Why Do Mosquitoes Exist & What Are They Good For?
Most people associate mosquitoes with itchy bites, disease transmission, or both. In this article, you will discover the purpose of mosquitoes beyond the role of pest.
I will explore the history of these insects spanning back many centuries. You will also learn why mosquitoes are important and what would happen to the world without them.
How Long Have Mosquitoes Existed For?
Mosquitoes are a member of the Culicidae family, which includes roughly 3,500 species. Only female mosquitoes feed off blood and thus can transmit disease.
The males survive off plant juices (e.g. nectar) instead. In certain species, the females occasionally consume plant juices, too.
There are many species of mosquitoes. Unlike other bloodsucking insects, mosquitoes tend to show a preference for particular hosts.
It is challenging to date the exact origins of insects compared to larger creatures. Insects like mosquitoes are fragile, and it is likely that older fossils have been lost to history.
The oldest mosquito fossil discovered is from the Cretaceous period. This era began about 145 million years ago. The fossil, which was found encased in amber, is known as Burmaculex antiquus. Unlike today’s mosquitoes, Burmaculex antiquus possessed wings without scales.
This ancient mosquito also had a shorter feeding tube compared to today’s mosquitoes. It is thought to be an intermediate species and is likely a mix of modern-day mosquito and midges, another member of the Culicidae family.
The second oldest mosquito fossil is the Paleoculicis minutus. It is dated toward the end of the Cretaceous period. This fossil shares more in common with present-day mosquitoes in appearance.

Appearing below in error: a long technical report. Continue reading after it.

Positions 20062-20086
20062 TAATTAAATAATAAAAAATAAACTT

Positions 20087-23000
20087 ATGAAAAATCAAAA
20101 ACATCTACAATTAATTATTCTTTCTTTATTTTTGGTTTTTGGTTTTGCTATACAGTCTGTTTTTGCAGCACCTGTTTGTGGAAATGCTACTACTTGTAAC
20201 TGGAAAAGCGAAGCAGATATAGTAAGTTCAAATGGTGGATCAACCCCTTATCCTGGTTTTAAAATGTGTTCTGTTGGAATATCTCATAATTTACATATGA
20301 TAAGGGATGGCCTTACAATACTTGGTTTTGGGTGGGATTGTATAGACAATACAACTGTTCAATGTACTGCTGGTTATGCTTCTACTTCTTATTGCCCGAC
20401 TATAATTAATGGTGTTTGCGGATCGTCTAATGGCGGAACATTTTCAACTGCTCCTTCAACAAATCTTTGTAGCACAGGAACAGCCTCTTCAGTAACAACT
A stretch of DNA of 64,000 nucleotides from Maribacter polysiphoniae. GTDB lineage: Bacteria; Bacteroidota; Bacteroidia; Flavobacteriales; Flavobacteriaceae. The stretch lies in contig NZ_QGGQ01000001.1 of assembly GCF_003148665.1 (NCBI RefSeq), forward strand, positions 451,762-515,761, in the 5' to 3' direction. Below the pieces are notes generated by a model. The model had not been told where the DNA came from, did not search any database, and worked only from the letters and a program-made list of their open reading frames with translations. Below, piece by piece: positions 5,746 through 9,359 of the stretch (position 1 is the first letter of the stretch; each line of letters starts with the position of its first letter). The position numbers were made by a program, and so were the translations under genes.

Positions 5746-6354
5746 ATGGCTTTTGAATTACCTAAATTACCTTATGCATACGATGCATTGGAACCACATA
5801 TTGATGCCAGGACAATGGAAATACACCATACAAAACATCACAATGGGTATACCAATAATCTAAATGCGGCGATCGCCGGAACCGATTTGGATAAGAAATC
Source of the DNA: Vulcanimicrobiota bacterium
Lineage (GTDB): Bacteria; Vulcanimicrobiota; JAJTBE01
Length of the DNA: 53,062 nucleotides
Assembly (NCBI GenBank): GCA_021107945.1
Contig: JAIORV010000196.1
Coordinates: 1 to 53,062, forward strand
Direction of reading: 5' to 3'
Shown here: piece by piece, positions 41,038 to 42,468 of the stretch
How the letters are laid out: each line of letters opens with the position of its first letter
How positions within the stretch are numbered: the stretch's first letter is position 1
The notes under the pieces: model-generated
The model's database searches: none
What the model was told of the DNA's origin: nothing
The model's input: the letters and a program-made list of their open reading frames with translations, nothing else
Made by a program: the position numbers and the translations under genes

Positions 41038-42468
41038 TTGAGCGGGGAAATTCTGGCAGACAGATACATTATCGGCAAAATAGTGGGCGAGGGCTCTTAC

The mosquitoes that are closest to the ones we know likely evolved during the Cenozoic era. This period began after the Cretaceous period 66 million years ago. We are still living in the Cenozoic era today.
Certain species of mosquito have evolved to prefer biting humans over other mammals. In insect terminology, this means they have become domesticated.
Aedes aegypti is one such example of a domesticated mosquito. The females of this species originally fed off wild animals in African forests. As humans began populating more areas across the globe, it switched host preference.
What Purpose Do Mosquitoes Serve?
To human beings, mosquitoes are undoubtedly nothing more than pests. Domesticated mosquitoes that actively prefer biting humans are transmitters of disease.
Mosquito-borne illnesses have tripled from 2014 to 2016 in the United States alone.
However, this does not mean that mosquitoes serve no purpose. Every living creature, great and small, plays a role in supporting our world’s ecosystems.
An ecosystem is an environment in which numerous factors contribute to its survival. Both live organisms and external factors (e.g. climate, air quality) exist in balance.
When one aspect of an ecosystem is affected, it can influence the entire system. Changing the environment or exterminating a species can alter it—for better or for worse.
Mosquitoes are unique because of their ability to live in all sorts of environments. They inhabit standing water during the larval stage of development. This means they can contribute to aquatic ecosystems.